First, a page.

Helsingin yliopisto


Helsingin yliopiston verkkojulkaisut

University of Helsinki, Helsinki 2006

Neurological manifestations and molecular genetics of acute intermittent porphyria in North Western Russia

Elena Pischik

Doctoral dissertation, December 2006.
University of Helsinki, Faculty of Medicine, Institute of Clinical Medicine.

Acute intermittent porphyria (AIP, MIM #176000) is an inherited metabolic disease due to a partial deficiency of the third enzyme, hydroxymethylbilane synthase (HMBS, EC:, in the haem biosynthesis. Neurological symptoms during an acute attack, which is the major manifestation of AIP, are variable and relatively rare, but may endanger a patient's life.

In the present study, 12 Russian and two Finnish AIP patients with severe neurological manifestations during an acute attack were studied prospectively from 1995 to 2006. Autonomic neuropathy manifested as abdominal pain (88%), tachycardia (94%), hypertension (75%) and constipation (88%). The most common neurological sign was acute motor peripheral neuropathy (PNP, 81%) often associated with neuropathic sensory loss (54%) and CNS involvement (85%). Despite heterogeneity of the neurological manifestations in our patients with acute porphyria, the major pattern of PNP associated with abdominal pain, dysautonomia, CNS involvement and mild hepatopathy could be demonstrated. If more strict inclusion criteria for biochemical abnormalities (>10-fold increase in excretion of urinary PBG) are applied, neurological manifestations in an acute attack are probably more homogeneous than described previously, which suggests that some of the neurological patients described previously may not have acute porphyria but rather secondary porphyrinuria. Screening for acute porphyria using urinary PBG is useful in a selected group of neurological patients with acute PNP or encephalopathy and seizures associated with pain and dysautonomia.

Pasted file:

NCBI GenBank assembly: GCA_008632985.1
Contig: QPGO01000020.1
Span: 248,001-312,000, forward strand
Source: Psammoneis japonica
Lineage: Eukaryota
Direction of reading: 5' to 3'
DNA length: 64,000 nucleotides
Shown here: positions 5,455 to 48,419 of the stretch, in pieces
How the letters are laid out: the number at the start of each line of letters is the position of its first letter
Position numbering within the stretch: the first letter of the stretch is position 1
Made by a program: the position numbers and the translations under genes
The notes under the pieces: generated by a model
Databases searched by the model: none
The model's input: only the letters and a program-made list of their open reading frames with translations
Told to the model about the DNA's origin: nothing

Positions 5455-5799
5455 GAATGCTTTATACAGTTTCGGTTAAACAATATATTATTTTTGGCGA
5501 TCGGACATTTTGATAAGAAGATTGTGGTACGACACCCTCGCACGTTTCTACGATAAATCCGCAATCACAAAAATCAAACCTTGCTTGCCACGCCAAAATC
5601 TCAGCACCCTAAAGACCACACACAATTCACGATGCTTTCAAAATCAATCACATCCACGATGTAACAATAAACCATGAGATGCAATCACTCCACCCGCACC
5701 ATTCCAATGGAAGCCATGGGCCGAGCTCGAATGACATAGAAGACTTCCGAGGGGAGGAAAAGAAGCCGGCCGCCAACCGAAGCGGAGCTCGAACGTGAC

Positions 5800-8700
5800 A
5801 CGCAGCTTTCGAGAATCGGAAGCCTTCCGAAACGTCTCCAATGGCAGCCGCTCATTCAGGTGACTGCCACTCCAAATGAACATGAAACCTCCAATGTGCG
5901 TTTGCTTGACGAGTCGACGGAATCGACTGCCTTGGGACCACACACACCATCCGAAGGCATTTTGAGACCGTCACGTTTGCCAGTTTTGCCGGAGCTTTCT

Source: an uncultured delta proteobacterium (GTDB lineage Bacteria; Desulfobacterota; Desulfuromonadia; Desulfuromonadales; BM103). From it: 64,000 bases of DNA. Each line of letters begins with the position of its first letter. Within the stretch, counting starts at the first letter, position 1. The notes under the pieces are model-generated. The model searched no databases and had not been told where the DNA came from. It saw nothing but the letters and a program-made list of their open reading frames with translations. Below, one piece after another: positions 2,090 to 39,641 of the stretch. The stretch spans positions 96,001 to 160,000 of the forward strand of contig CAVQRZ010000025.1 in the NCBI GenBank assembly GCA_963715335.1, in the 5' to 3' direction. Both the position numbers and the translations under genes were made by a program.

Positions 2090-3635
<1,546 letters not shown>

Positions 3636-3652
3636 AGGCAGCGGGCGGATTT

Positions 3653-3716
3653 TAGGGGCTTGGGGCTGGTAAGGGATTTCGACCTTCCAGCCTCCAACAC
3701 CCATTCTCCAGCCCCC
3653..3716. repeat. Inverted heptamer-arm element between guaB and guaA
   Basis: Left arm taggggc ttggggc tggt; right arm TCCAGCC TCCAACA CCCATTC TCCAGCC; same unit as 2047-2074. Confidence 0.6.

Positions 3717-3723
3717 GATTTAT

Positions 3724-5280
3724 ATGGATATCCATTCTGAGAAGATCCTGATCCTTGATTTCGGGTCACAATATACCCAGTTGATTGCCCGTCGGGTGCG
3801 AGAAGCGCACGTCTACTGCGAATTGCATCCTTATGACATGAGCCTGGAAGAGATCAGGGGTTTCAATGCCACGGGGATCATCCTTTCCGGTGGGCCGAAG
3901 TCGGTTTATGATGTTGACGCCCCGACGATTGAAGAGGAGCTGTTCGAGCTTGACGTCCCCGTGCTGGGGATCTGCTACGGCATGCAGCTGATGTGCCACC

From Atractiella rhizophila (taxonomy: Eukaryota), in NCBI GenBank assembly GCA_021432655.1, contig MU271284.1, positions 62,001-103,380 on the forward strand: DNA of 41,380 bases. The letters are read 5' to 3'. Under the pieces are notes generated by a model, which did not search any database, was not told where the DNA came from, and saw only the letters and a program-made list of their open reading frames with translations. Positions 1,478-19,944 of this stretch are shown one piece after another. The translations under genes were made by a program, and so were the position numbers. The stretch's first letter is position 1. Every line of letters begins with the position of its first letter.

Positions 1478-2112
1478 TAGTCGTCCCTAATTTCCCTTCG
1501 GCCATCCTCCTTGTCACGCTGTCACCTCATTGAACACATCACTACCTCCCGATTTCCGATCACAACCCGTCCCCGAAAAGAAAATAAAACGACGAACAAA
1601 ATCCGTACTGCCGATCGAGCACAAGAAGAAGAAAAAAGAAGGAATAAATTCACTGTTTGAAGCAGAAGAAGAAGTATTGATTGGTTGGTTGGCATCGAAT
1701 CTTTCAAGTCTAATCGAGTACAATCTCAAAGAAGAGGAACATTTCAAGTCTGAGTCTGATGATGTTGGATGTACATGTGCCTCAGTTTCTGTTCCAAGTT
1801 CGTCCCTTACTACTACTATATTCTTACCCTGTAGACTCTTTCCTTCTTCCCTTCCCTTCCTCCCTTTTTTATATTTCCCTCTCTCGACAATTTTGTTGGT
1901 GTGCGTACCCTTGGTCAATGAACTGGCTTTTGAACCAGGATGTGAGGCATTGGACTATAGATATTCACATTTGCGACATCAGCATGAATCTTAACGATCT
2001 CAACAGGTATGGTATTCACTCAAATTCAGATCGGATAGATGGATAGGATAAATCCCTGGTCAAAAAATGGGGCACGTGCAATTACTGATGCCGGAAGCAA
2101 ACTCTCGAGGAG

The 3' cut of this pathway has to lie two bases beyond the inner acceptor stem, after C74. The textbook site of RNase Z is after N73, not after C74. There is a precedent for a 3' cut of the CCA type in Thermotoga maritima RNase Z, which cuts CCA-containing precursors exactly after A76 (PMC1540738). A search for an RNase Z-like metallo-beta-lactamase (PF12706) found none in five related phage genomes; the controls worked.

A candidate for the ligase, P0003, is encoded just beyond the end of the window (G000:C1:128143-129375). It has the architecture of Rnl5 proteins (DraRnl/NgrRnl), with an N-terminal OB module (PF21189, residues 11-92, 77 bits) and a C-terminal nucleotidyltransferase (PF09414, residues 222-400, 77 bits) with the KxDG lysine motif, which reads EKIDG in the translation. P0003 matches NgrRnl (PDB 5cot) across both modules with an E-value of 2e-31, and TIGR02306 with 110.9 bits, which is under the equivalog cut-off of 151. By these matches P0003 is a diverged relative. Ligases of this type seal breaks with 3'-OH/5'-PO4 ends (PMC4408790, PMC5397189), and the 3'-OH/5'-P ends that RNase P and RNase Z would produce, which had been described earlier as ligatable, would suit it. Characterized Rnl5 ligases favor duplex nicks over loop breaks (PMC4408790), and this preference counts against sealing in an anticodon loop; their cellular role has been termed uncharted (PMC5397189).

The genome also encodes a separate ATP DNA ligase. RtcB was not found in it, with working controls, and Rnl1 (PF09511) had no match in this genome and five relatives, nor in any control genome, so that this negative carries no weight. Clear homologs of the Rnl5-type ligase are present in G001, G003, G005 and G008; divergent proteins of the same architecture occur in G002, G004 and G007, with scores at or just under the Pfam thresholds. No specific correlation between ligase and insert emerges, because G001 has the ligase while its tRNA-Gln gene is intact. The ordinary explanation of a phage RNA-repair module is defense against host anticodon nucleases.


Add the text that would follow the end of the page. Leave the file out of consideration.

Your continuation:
Clinical manifestations and the outcome of acute attacks were used as a basis for developing a 30-score scale of the severity of an acute attack. This scale can easily be used in clinical practice and to standardise the outcome of an attack. Degree of muscle weakness scored by MRC, prolonged mechanical ventilation, bulbar paralysis, impairment of consciousness and hyponatraemia were important signs of a poor prognosis. Arrhythmia was less important and autonomic dysfunction, severity of pain and mental symptoms did not affect the outcome. The delay in the diagnosis and repeated administrations of precipitating factors were the main cause of proceeding of an acute attack into pareses and severe CNS involvement and a fatal outcome in two patients. Nerve conduction studies and needle EMG were performed in eleven AIP patients during an acute attack and/or in remission. Nine patients had severe PNP and two patients had an acute encephalopathy but no clinically evident PNP. In addition to axonopathy, features suggestive of demyelination could be demonstrated in patients with severe PNP during an acute attack. PNP with a moderate muscle weakness was mainly pure axonal. Sensory involvement was common in acute PNP and could be subclinical. Decreased conduction velocities with normal amplitudes of evoked potentials during acute attacks with no clinically evident PNP indicated subclinical polyneuropathy. Reversible symmetrical lesions comparable with posterior reversible encephalopathy syndrome (PRES) were revealed in two patients' brain CT or MRI during an acute attack. In other five patients brain MRI during or soon after the symptoms was normal. The frequency of reversible brain oedema in AIP is probably under-estimated since it may be short-lasting and often indistinguishable on CT or MRI.